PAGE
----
As Zuboff explains, the U.S. government heightened surveillance after 9/11 in the name of security and fighting terrorism; for example, by passing the Patriot Act. However, Zuboff doesn’t explain the details of this act and how it may have influenced Google in the coming years. 

The Patriot Act expanded existing surveillance laws to allow the government to access the phone, email, bank, and credit records, as well as the internet activity, of average Americans. But despite being advertised as a measure to combat terrorism, these investigations led to just one terrorism conviction from 2003 to 2006. In addition, the Patriot Act didn’t require the government to destroy the information it collected—even when it was from innocent Americans—and prohibited Americans from telling anyone that they were under investigation. 

After 9/11, these secretive and invasive practices in the name of security arguably set a dangerous precedent that would later play a major role in the development of surveillance capitalism.

The Rise of Neoliberal Ideology

Aside from the increased surveillance after 9/11 in the name of national security, Zuboff also claims that neoliberalism helped give rise to surveillance capitalism. Zuboff explains that the anti-regulation mindset of neoliberalism also contributed significantly to the inception of surveillance capitalism. Following WWII and the height of the Cold War, the Western world—in particular the U.S. and U.K.—was in the midst of an economic downturn. In addition, these countries were extremely wary of the governmental control underlying totalitarianism and communism in other parts of the world. As a result, the people of the U.S. and U.K. began calling for more democratic participation and equal rights for marginalized groups.

As a solution to both the economic decline and the public’s demand for less governmental authority, neoliberal economists began to advocate for a radical free market based on Friedrich Hayek and Milton Friedman’s economic theories. They pushed for an unimpeded market where competition would reign free, and deregulation and privatization would replace government oversight, labor unions, and government-owned corporations.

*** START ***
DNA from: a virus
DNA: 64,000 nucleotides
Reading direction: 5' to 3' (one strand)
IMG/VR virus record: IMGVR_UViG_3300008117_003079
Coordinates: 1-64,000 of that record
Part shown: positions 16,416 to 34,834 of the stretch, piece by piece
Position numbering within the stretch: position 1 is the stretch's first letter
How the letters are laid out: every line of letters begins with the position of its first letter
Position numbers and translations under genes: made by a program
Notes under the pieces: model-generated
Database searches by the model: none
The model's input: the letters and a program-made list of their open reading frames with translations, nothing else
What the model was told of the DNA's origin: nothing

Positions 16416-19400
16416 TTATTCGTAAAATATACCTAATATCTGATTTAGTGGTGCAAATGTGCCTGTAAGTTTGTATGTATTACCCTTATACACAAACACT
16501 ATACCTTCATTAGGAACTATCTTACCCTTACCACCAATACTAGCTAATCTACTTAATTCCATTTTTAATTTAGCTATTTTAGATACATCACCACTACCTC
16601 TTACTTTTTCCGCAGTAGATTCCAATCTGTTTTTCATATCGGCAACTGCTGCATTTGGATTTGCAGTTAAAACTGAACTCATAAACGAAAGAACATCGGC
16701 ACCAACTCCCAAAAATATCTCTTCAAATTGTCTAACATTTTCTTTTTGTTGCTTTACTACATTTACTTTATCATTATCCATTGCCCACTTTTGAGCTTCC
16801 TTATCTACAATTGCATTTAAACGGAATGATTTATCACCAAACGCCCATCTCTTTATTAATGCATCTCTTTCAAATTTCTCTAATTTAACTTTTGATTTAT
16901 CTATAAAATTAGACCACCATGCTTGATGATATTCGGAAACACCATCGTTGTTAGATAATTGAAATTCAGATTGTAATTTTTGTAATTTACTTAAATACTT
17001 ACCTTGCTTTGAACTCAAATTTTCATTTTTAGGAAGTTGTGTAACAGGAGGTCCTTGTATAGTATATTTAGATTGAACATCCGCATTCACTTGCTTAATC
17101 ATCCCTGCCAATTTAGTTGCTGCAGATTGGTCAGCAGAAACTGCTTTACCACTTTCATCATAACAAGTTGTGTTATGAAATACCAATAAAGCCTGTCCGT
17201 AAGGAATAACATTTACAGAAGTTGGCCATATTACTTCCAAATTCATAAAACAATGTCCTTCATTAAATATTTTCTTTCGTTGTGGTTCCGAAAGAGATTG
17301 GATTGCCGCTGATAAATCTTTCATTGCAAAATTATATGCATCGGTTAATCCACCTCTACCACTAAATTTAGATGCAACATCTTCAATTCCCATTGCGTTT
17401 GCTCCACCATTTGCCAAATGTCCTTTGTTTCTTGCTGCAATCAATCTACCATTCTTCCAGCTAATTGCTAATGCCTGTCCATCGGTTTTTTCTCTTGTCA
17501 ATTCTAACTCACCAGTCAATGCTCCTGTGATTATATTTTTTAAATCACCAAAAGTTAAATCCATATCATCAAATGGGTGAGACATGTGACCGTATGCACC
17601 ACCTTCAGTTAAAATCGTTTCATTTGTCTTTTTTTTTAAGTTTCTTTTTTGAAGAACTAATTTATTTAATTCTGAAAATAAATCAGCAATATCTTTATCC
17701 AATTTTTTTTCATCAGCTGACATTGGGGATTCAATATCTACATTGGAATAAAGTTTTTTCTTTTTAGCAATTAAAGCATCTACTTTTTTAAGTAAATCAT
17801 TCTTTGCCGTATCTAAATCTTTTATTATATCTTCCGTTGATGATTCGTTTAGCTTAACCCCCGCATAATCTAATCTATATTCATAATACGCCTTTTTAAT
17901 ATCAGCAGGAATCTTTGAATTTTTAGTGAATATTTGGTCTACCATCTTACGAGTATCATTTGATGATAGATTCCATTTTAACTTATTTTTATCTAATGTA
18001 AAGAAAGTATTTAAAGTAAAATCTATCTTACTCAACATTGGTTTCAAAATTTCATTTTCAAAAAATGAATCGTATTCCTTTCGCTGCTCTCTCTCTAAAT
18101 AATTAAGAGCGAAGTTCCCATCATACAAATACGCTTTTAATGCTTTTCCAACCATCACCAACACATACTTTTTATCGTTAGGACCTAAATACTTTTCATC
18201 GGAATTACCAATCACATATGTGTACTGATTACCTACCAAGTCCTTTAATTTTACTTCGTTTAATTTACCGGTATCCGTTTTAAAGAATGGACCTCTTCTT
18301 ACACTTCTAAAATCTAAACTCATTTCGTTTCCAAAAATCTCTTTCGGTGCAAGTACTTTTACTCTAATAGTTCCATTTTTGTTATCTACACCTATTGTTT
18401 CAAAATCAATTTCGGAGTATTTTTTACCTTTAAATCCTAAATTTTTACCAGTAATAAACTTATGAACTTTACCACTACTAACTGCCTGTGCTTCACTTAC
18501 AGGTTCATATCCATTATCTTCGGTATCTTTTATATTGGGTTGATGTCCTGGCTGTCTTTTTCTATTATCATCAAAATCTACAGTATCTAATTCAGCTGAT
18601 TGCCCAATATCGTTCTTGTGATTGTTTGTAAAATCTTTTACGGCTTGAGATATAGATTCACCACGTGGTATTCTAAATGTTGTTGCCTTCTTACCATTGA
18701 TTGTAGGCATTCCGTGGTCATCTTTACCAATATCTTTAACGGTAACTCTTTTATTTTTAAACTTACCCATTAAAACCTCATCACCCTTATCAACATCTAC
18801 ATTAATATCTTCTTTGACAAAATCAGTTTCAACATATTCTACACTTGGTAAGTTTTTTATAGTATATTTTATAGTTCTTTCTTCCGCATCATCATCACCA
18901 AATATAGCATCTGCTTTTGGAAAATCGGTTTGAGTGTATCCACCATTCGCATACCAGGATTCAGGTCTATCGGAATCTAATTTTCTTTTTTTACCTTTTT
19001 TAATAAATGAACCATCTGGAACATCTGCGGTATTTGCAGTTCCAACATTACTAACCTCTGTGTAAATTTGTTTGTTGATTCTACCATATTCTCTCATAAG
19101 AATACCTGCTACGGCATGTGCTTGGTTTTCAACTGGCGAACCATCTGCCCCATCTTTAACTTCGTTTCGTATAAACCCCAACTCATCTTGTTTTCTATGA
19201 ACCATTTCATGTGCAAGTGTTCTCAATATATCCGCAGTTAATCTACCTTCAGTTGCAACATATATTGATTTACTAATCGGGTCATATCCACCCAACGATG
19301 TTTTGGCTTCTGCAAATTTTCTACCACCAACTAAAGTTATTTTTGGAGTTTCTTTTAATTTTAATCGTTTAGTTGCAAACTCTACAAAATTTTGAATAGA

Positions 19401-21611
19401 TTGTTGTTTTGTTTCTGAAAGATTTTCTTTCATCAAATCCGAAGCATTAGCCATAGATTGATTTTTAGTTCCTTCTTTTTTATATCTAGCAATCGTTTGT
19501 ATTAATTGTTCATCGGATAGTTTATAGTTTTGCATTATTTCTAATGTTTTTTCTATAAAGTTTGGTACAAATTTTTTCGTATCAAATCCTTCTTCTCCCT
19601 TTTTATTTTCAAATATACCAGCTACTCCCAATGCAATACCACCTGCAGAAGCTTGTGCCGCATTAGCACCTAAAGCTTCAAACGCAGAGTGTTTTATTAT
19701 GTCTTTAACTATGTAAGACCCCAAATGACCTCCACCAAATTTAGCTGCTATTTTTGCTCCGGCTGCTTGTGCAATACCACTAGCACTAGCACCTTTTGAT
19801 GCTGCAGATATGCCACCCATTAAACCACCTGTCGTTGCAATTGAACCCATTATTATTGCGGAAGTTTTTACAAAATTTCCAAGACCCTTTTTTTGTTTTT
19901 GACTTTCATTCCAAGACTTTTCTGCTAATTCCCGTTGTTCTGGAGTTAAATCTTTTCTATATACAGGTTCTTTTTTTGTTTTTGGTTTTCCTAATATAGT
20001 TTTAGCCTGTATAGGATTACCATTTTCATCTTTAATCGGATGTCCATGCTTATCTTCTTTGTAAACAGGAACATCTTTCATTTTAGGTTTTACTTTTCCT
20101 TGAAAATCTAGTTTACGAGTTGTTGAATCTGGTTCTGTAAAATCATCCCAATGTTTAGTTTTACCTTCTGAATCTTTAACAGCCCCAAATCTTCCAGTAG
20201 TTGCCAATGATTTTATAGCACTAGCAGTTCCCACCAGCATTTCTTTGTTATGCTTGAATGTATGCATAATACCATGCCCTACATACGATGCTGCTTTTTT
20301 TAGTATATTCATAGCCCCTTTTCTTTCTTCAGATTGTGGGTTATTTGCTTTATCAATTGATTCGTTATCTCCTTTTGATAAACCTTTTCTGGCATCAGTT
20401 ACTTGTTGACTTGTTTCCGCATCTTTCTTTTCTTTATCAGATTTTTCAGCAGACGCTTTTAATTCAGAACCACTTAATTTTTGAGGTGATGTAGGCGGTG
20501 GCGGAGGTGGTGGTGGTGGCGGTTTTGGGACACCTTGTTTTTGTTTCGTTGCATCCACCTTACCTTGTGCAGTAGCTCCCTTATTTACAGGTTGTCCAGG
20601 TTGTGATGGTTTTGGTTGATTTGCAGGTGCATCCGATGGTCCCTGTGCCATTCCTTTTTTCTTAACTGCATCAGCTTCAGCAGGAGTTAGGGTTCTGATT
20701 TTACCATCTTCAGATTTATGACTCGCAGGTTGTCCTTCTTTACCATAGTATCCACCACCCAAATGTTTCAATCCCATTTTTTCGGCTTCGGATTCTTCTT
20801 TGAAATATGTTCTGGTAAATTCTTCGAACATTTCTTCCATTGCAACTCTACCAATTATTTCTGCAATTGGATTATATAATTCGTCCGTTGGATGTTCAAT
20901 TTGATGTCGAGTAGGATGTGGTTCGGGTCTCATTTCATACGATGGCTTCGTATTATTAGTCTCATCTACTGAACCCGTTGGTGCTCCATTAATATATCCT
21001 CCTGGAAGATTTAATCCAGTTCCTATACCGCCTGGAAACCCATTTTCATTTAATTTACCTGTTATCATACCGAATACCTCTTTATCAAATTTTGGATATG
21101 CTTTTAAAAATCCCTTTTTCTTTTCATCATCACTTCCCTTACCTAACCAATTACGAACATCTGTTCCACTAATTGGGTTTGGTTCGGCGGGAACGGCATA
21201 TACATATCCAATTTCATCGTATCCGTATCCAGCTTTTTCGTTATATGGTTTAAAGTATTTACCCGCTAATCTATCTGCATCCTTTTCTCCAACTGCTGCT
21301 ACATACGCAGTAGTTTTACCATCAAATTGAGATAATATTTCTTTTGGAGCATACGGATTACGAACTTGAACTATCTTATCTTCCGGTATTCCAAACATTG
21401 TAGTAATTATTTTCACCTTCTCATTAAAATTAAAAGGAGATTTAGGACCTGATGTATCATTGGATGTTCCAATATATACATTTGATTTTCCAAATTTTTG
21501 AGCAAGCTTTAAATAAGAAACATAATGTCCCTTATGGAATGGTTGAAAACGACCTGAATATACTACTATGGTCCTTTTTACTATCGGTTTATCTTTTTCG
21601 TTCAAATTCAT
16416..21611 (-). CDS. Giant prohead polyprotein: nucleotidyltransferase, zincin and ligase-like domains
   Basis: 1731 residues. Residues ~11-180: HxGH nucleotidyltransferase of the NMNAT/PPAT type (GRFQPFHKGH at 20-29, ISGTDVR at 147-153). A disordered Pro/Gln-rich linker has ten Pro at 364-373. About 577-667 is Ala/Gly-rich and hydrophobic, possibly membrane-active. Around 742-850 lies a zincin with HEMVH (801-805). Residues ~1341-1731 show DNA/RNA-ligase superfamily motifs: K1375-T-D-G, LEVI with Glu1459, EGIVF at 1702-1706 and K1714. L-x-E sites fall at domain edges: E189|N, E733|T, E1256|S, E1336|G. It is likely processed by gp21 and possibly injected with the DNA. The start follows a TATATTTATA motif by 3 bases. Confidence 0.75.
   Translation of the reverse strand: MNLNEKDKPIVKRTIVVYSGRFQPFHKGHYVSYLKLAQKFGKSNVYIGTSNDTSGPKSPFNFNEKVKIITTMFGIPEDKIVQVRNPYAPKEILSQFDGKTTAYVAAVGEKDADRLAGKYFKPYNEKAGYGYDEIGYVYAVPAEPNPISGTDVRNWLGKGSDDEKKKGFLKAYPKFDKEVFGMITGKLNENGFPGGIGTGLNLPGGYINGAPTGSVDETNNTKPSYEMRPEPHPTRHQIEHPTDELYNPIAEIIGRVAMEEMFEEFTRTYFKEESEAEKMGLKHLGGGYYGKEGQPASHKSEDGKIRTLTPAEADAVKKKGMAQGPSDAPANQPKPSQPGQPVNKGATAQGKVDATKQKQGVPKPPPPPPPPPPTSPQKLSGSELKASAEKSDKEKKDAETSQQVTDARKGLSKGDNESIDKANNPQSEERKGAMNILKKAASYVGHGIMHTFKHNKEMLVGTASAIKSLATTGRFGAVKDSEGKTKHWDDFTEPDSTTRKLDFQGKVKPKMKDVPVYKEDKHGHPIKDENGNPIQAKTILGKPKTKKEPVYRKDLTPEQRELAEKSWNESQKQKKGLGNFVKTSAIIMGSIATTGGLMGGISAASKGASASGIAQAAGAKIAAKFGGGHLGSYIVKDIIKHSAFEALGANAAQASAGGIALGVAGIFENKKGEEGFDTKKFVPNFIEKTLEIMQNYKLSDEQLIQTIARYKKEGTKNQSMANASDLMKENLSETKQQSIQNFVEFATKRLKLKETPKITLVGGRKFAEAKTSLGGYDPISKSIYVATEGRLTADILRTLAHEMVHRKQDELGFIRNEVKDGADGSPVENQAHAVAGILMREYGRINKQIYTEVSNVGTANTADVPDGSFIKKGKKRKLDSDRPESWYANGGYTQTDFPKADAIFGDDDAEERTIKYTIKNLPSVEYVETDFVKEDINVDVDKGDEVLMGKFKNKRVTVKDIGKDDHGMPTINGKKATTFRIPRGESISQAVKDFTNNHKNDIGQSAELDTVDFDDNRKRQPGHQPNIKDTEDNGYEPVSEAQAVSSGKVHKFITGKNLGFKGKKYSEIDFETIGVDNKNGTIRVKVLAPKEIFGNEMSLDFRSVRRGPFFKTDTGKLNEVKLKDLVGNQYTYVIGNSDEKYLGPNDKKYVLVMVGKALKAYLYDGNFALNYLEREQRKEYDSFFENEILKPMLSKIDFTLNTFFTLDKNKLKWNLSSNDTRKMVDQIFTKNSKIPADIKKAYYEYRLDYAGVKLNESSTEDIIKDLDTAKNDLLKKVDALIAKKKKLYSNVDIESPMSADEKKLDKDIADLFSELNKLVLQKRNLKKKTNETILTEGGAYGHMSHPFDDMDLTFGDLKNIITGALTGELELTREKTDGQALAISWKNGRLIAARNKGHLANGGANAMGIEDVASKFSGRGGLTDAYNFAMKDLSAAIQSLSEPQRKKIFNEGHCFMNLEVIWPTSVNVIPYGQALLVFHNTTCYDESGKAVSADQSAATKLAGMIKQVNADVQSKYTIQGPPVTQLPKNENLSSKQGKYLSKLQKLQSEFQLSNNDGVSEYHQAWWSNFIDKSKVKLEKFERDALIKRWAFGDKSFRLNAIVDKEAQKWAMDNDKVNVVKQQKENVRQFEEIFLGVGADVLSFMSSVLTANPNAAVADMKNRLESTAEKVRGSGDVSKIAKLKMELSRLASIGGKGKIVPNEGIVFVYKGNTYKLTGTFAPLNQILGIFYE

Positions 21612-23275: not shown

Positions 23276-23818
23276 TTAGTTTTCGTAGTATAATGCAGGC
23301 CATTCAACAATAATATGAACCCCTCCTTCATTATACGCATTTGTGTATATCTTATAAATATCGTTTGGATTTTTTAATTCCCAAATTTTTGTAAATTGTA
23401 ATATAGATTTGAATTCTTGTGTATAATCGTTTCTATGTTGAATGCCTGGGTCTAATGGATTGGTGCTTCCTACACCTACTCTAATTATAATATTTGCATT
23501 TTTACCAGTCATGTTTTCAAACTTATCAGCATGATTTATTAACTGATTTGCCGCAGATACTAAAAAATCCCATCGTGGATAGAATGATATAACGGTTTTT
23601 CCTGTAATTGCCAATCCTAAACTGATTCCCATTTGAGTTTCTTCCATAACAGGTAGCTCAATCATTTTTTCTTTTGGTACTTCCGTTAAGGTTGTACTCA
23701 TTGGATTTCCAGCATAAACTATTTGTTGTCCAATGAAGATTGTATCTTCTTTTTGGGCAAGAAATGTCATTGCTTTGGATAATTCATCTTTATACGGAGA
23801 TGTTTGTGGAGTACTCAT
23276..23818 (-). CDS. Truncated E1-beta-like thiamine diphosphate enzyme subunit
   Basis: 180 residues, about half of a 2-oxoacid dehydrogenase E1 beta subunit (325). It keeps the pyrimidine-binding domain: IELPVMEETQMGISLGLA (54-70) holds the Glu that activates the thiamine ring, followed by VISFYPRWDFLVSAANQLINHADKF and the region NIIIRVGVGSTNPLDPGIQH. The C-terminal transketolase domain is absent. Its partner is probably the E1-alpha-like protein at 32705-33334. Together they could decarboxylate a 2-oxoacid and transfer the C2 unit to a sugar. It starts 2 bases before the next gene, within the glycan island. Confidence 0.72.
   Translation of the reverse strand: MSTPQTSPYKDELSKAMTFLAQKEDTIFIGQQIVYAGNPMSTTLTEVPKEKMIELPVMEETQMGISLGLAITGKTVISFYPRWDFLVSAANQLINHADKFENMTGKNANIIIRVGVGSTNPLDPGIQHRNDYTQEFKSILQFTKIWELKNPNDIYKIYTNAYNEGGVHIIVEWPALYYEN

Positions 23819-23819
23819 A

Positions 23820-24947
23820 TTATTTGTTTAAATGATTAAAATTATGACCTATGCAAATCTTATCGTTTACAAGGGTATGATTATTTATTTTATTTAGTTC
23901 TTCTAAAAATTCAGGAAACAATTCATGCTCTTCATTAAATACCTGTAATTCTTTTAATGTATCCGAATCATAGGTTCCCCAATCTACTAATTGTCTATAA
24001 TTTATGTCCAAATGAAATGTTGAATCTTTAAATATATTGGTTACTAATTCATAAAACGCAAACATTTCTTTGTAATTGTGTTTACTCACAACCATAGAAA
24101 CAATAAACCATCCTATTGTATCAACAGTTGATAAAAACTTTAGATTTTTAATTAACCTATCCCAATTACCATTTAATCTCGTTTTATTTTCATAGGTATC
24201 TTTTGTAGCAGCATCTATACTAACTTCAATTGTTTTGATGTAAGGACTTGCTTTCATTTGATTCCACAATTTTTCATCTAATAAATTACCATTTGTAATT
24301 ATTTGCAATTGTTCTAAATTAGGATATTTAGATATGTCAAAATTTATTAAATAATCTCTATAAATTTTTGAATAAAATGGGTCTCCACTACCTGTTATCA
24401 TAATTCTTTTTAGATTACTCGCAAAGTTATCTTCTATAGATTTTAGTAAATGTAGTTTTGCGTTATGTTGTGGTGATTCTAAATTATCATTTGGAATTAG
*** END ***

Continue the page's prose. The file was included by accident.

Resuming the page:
Security After 9/11: The Rise of Surveillance Capitalism

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Here's what you'll find in our full The Age of Surveillance Capitalism summary:

  • The methods big tech companies are using to watch you
  • How surveillance capitalism can thrive despite opposition
  • How to prevent it from destroying our freedom and democracy

Emily Kitazawa

Emily found her love of reading and writing at a young age, learning to enjoy these activities thanks to being taught them by her mom—Goodnight Moon will forever be a favorite. As a young adult, Emily graduated with her English degree, specializing in Creative Writing and TEFL (Teaching English as a Foreign Language), from the University of Central Florida. She later earned her master’s degree in Higher Education from Pennsylvania State University. Emily loves reading fiction, especially modern Japanese, historical, crime, and philosophical fiction. Her personal writing is inspired by observations of people and nature.